We Mexicans are peculiar, at least our governments are. We have been reforming for decades, but we avoid changing in order to convert the reforms into an implacable kick-starter toward development. The result is the mediocrity in which we find ourselves: reforms that are richly embossed but a daily reality for which a solution is not found; an educative system that is reformed time and time again but that in day-to-day practice continues the same as always and with worse results; an economy with enormous potential that does not translate into growth, attractive jobs or improvement in expectations; and, above all, a social setting deprived of hope rather than one imbued with optimism, anger instead of satisfaction and a million wasted opportunities. Our circumstance brings to mind that famous quote from Kolakowski on boarding a streetcar: “Please step forward to the rear.”
This has been possible for one very simple reason: Mexico has for decades counted on two instruments that have permitted things to plod along at the minimum, without creating a social or economic crisis, while preserving the political status quo and the privileges accompanying it. These two instruments -migration to the U.S. and NAFTA- will no longer solve the problem in the future and that leaves us only one way out: get on with the task that has been obvious for years, but that no one has wanted to tackle and that is none other than to raise the levels of productivity, the sole manner existing to elevate standards of living. The way out does not lie in more of the same or in returning to what did not work in the past but that continues to generate such nostalgia.
Instead of a serious discussion on the measures necessary for taking that step forward, we have two contrasting discourses. On the governmental side, all the rhetoric from 2012 forward has been concentrated on the “great” reforms that would be implemented by themselves and with which Mexico would enter into the ineffable Nirvana. But it is precisely in the implementation that things got bogged down, diminishing the reforms’ potential benefits. For ALMO, the proposal is for Mexico to concentrate on the internal market, create well compensated means of livelihood and return to an economic ambit with protections from the outside, favoring the producers. Both visions have their foundation, but neither is adequate.
The country requires a strategy of development that must begin by engendering conditions for it to be possible. Having many reforms is not worth anything if there are not suitable condictions for these to advance and the promotion of the internal market is worth nothing if it does not raise productivity. That is, there is no contradiction between reforming and promoting the internal market: the contradiction resides in the pretension of being able to impose development without producing the conditions for this to be possible. Reforms -of Peña or of AMLO- are mere tools; without a strategy to articulate them, development is impossible. And, of course, any plan of action for development should take into account the domestic market as well as the globalization of production; two faces of the same coin, both necessary for raising life levels.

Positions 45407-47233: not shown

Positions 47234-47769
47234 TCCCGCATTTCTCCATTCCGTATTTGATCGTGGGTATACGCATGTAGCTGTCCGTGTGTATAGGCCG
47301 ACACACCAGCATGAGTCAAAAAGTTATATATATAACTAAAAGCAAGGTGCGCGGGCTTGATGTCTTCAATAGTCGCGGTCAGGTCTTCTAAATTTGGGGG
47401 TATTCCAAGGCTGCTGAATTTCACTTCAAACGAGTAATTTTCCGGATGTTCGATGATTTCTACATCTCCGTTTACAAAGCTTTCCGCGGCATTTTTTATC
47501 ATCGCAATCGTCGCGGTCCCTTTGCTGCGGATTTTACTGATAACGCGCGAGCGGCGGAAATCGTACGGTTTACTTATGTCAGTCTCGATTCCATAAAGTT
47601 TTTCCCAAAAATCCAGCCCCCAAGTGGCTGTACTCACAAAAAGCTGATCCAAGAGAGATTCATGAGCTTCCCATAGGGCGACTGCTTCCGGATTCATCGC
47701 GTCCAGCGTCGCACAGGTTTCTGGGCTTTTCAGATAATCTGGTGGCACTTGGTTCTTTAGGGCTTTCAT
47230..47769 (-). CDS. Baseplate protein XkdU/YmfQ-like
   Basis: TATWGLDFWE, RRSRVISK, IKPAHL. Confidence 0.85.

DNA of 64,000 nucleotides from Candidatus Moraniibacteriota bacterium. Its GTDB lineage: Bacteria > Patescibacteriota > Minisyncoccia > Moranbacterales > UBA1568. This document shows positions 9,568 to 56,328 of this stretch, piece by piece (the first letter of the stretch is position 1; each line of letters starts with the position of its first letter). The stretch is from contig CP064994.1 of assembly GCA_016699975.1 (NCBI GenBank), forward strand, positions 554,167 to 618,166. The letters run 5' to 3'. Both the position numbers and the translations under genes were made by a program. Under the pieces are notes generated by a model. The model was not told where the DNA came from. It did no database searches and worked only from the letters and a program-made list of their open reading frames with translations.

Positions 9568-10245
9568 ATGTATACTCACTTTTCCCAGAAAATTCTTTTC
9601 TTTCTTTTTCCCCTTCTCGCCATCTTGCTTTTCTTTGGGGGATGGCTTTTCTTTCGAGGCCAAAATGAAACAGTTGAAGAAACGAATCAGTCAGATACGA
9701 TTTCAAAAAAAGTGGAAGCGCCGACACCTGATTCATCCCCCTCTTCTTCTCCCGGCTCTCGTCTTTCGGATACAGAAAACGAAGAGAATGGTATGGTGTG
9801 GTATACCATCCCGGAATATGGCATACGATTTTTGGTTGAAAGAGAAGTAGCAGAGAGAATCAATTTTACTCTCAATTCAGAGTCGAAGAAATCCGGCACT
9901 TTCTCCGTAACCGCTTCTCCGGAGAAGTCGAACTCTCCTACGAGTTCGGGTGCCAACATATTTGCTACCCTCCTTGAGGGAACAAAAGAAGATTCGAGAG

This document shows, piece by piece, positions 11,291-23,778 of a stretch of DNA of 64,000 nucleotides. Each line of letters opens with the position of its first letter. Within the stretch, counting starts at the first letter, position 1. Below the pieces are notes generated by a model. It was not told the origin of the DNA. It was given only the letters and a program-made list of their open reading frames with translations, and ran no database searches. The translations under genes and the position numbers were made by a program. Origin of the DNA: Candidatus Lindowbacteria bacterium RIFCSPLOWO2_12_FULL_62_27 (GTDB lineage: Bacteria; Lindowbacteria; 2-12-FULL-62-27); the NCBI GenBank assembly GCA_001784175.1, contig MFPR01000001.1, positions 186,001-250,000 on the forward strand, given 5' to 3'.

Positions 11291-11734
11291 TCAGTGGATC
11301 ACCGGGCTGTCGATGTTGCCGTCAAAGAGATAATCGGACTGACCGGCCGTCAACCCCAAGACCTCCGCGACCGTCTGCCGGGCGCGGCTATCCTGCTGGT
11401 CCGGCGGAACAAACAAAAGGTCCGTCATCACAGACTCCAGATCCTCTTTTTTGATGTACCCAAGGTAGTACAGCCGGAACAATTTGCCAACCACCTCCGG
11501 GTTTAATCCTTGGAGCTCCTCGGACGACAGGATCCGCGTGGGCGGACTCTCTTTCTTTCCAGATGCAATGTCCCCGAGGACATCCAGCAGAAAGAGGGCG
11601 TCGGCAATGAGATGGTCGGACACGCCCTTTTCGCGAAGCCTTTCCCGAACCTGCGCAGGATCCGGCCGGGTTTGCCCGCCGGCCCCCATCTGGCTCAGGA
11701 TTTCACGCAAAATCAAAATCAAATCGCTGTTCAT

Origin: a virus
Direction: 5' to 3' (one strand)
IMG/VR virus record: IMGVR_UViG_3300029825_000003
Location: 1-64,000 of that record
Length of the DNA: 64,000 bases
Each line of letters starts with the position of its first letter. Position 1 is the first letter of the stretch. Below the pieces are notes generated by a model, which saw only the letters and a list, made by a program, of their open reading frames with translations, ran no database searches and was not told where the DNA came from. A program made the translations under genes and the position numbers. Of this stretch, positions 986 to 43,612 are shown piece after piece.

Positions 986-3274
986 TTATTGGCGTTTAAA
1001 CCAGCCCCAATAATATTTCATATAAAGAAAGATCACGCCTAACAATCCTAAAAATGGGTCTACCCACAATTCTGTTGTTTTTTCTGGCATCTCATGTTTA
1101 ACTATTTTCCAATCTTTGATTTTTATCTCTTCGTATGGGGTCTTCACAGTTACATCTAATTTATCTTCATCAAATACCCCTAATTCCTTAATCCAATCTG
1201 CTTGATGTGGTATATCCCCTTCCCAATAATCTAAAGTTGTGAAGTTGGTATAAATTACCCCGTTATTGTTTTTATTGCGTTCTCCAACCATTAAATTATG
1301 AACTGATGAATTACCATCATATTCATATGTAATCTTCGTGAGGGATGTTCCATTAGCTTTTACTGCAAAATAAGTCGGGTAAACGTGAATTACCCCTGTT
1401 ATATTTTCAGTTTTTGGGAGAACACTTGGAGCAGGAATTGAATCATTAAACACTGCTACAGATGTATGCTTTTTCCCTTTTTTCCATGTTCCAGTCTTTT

The two mainstays of the status quo of recent decades, migration and NAFTA, will not be viable in the future. Migration has changed because demand for labor in the U.S. has decreased, but also because the demographic curve in Mexico has been transformed; in addition, the growing difficulties involved in crossing the border certainly discourage migration. For its part, the reality is that the transcendence of NAFTA has declined radically: with Trump the notion disappeared that it is untouchable and this has caused investment to collapse.
Without investment, the economy is not going to grow no matter how many reforms are forged or how much the internal market is emphasized. The only thing left as a possibility is the creation of conditions that make development possible and that is nothing other than raising productivity. How can that be done? Productivity is the result of the best use of human and technological resources and that requires an educative system that allows for the developing of knowledge, skills, and capacities for the productive process; that is to say, it requires that education stop being at the service of the political control that the unions exercise for their own benefit and to concentrate itself on the development of persons to prepare them for a productive and successful life. It is the same case for infrastructure, communications, the treatment that the bureaucracy affords the citizenry and, naturally, the judiciary. The point is that development does not just happen nor can it be ordained by decree: it is the result of the existence of a climate that renders it possible to raise productivity aloft and everything should be dedicated to it.
Our system of government has made development impossible because everything is designed so that the control of key processes that breed power and privilege is in the hands of a few, as is the case of education. Inasmuch as that does not change, the economy will continue to stagnate, whether or not the project is the one of the grand reforms or of the internal market. It’s all the same. What has changed is the environment: the subterfuges that made it possible avoiding proactive actions have vanished from sight; we better do the job or stay stuck. “The best way to predict the future, says Peter Drucker, is to create it.”